There are many important experiments today trying to carry out that mission, among them the Black Workers for Justice and the Malcolm X grassroots movements. My own organization, the Labor/Community Strategy Center in Los Angeles, is based on the lessons of my many black and Latino teachers. The Labor/Community Strategy Center is a leftist initiative, which was launched in 1989, around the time of the fall of the Berlin Wall, to figure out what revolutionary organizing in the age of reaction would look like. Our work focuses on training a new generation of black and Latino activists in the traditions of black revolutionary, Third World, and communist organizing.

We have won major structural changes over the past twenty-five years, a testament to the value of the black revolutionary traditions. By 1990 we formed the Labor/Community Watchdog to fight environmental racism by mobilizing Latino immigrants to demand reductions in toxic emissions from Texaco and other oil refineries. In 1991 we collaborated with Accion Ecologica in Ecuador to organize an international boycott of Texaco in light of its environmentally devastating “drill and run” policies.
We also formed the Bus Riders Union in 1992 to protest Los Angeles’s “third-class bus system for Third World people” and, with the help of the NAACP Legal Defense and Educational Fund, sued the Metropolitan Transportation Authority for establishing a separate and unequal transit system. Through sit-ins, a “no seat, no fare campaign,” and federal court orders, we forced the MTA to buy 2,500 compressed natural gas buses, reduce overcrowding, and lower bus fares for a decade. When the “Fight Transit Racism—Billions for Buses campaign” began, the MTA ridiculed us. But so far we have won $2.7 billion for buses for low-income black and Latino riders. Our strategy was to demand change in funding using rhetoric that unified many marginalized groups against a transit system that favored the rich. Our campaign captured the imagination of black and Latino bus riders and many middle-class white allies.
Today, in an effort to combat menticide, we are mobilizing young black and Latino organizers in Los Angeles high schools to fight the school-to-prison pipeline and the mass incarceration of blacks and Latinos. As our recently released study, Black, Brown and Over-Policed in L.A. Schools illustrates:

Seventeen-to-twenty-five-year-old organizers are leading Taking Action clubs where the students share experiences and connect their lives to the study of political consciousness and strategy. With training, they see themselves as organizers building a black and Latino united front against racism and subjugation in the high schools of Los Angeles. The movement convinced the Los Angeles Unified School Board and the Los Angeles School Police Department to stop issuing truancy citations. In just four years, more than 35,000 tardy students were ticketed on their way to school, arrested, handcuffed, and forced to pay $250–$1,000 fines. Our current project is to end school police involvement where teachers, administrators, students, and parents should handle discipline. We are also proposing an Equal Protection Plan that decriminalizes fifteen so-called violations, including “disturbing the peace,” “disorderly conduct,” and “possession of marijuana, alcohol, and markers [used for graffiti].”
Last year we initiated Fight for the Soul of the Cities, which asks organizers and community members to rally around a political platform that, as Dawson advises, offers a vision of a new society in which minority groups unite. Can we motivate black people to support open borders and amnesty? Or Latinos to support justice for Trayvon Martin?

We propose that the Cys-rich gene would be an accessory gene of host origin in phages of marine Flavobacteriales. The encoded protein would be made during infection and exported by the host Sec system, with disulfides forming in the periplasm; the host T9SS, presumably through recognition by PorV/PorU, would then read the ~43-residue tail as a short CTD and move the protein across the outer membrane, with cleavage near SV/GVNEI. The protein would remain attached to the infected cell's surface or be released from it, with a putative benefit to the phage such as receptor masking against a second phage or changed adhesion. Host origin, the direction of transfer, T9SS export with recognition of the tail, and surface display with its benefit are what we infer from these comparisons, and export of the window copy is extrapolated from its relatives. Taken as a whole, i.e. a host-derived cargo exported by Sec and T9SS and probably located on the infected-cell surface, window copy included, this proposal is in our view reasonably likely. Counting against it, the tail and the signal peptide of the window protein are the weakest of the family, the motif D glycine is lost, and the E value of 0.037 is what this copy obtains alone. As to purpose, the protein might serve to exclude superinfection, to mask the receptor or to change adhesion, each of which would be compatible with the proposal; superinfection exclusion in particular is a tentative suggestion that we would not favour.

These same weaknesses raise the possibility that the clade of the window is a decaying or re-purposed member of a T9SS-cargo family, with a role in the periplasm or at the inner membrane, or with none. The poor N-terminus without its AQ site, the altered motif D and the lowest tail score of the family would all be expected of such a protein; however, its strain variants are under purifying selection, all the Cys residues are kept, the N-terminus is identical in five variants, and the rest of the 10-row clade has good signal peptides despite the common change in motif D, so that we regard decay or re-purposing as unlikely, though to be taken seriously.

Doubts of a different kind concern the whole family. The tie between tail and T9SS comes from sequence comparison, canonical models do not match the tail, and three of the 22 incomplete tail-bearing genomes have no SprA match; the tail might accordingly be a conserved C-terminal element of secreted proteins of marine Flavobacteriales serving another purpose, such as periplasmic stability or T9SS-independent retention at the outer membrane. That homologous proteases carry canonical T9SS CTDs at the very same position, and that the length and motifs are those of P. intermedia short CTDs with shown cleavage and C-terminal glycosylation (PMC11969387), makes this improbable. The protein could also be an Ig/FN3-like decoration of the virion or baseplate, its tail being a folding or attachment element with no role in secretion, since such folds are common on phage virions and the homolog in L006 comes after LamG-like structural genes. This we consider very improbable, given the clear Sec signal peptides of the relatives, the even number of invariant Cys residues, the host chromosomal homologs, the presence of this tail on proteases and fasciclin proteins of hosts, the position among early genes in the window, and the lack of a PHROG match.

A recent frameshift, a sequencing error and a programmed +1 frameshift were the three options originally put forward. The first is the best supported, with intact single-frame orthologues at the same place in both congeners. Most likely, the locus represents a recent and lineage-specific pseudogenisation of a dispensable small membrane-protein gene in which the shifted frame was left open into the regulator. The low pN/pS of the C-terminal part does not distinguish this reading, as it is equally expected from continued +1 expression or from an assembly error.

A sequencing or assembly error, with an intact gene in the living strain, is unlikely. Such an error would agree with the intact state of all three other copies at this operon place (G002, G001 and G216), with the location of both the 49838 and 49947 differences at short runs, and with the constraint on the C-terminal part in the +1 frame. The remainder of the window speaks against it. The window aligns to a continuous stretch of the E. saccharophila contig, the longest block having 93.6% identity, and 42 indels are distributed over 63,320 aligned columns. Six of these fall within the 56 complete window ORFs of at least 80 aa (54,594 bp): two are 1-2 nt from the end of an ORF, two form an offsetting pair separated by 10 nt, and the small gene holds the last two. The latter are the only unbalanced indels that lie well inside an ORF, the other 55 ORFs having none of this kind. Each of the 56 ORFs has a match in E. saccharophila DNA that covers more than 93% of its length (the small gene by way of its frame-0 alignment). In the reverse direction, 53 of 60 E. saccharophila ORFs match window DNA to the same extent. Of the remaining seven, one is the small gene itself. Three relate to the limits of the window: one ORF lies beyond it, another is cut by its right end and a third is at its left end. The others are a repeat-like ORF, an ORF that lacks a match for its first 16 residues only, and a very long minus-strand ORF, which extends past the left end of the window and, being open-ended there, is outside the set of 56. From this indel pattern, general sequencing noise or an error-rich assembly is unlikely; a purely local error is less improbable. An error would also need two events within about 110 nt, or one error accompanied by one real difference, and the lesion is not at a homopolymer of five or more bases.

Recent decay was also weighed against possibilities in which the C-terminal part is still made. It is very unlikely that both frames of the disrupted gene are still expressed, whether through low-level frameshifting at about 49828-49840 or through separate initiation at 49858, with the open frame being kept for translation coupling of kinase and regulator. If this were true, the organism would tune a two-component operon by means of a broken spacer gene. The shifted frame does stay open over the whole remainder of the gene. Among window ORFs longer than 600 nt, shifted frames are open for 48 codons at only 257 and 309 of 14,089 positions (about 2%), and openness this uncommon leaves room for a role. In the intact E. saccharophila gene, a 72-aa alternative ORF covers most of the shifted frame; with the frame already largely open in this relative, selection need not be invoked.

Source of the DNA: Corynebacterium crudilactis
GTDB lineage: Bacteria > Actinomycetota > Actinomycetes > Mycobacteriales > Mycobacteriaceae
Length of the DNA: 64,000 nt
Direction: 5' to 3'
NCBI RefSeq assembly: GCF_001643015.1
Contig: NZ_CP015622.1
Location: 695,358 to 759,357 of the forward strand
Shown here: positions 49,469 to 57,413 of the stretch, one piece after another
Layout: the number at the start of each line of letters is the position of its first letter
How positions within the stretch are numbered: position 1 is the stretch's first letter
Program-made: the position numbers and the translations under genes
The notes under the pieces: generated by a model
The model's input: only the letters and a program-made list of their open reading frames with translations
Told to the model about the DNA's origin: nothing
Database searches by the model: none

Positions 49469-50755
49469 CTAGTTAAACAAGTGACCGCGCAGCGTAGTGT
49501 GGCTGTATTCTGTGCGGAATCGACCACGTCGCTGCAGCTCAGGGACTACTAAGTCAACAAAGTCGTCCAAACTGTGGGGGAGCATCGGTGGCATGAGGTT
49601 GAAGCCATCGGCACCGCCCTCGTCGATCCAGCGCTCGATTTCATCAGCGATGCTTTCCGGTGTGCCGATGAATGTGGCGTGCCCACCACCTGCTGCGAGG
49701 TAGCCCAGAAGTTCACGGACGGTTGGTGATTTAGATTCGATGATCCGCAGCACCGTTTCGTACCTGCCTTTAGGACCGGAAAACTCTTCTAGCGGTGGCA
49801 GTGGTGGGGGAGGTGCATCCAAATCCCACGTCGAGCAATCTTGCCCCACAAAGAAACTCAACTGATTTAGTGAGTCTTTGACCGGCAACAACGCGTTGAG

I have spent my whole life working for what Dawson describes as a radical, anti-imperialist movement independent of both capitalist parties, with strong black leadership rooted in the 20th century’s great black-led experiments in resistance. Dawson brings the work of many important black leaders and organizations to our attention while the ruling class works to suppress its memory.

As a critical part of this effort, I urge a new generation of “young, gifted, and black” revolutionaries, together with Latinos, indigenous people, Asian/Pacific Islanders, and whites to use history to inform your organizing work. Read Marx and Engels’s Communist Manifesto, W.E.B. DuBois’s Black Reconstruction in America, V.I. Lenin’s What is to be Done?, Harry Haywood’s Black Bolshevik, Ralph Ellison’s Invisible Man, Richard Wright’s Native Son, Carol Boyce Davies’s Left of Karl Marx: The Political Life of Black Communist Claudia Jones, Mao Tse-tung’s On Practice, Paul Robeson’s Here I Stand, Martin Luther King, Jr.’s speech, “Beyond Vietnam: A Time to Break Silence,” Brooks and Houck’s, The Speeches of Fannie Lou Hamer, Malcolm X’s Message to the Grassroots, the LeRoi Jones/Amiri Baraka Reader, Alexis De Veaux’s Warrior Poet: A Biography of Audre Lorde, Alan Wieder’s Ruth First and Joe Slovo in the War Against Apartheid, Walter Rodney’s How Europe Underdeveloped Africa, Edward Galeanos’s The Open Veins of Latin America and—of course— Michael Dawson’s Blacks In and Out of the Left. Read as if your life depended on it; engage in the debate; join an organization; get out into the fields, the factories, the buses, the community, the high schools, and the prisons.[5]

Radical roots

Labor/Community Strategy Center is an urban experiment to root grassroots organizing focusing in Black and Latino communities with deep historical ties to the long history of anti-colonial anti-imperialist pro-communist resistance to the U.S. empire. We teach and study history of the Indigenous rebellions against the initial European genocidal invasions, the Great Slave Haitian Revolution of the 1790s, the Great Slave Rebellions that won the U.S. civil war for the racist north as explained in W.E.B. DuBois’ Black Reconstruction in America. We appreciate the work of the U.S. Communist Party especially Black communists Harry Haywood, the African Blood Brotherhood and Cyril Briggs, Paul Robeson, Claudia Jones, Du Bois, Benjamin Davis, William L. Patterson, and Lorraine Hansberry.

We applaud the great work of the Black Panther Party, the American Indian Movement, Young Lords, Brown Berets, and the great revolutionary rainbow experiments of the 1970s. We also have roots in the new communist movement of the 1970s and 1980s especially the August 29th Movement, I Wor Kuen, Congress of African People/Revolutionary Communist League (and Amiri Baraka) and their merger into the League of Revolutionary Struggle.

Eric Mann, a member of the ATM and later LRS, was the lead organizer of the U.A.W. Campaign to Keep GM Van Nuys Open, a state-wide organizer for the Jesse Jackson for President Campaign in 1984 and 1988 and an elected leader of the UAW New Directions Movement led by Jerry Tucker.[6]

External links


[[Category:Los Angeles]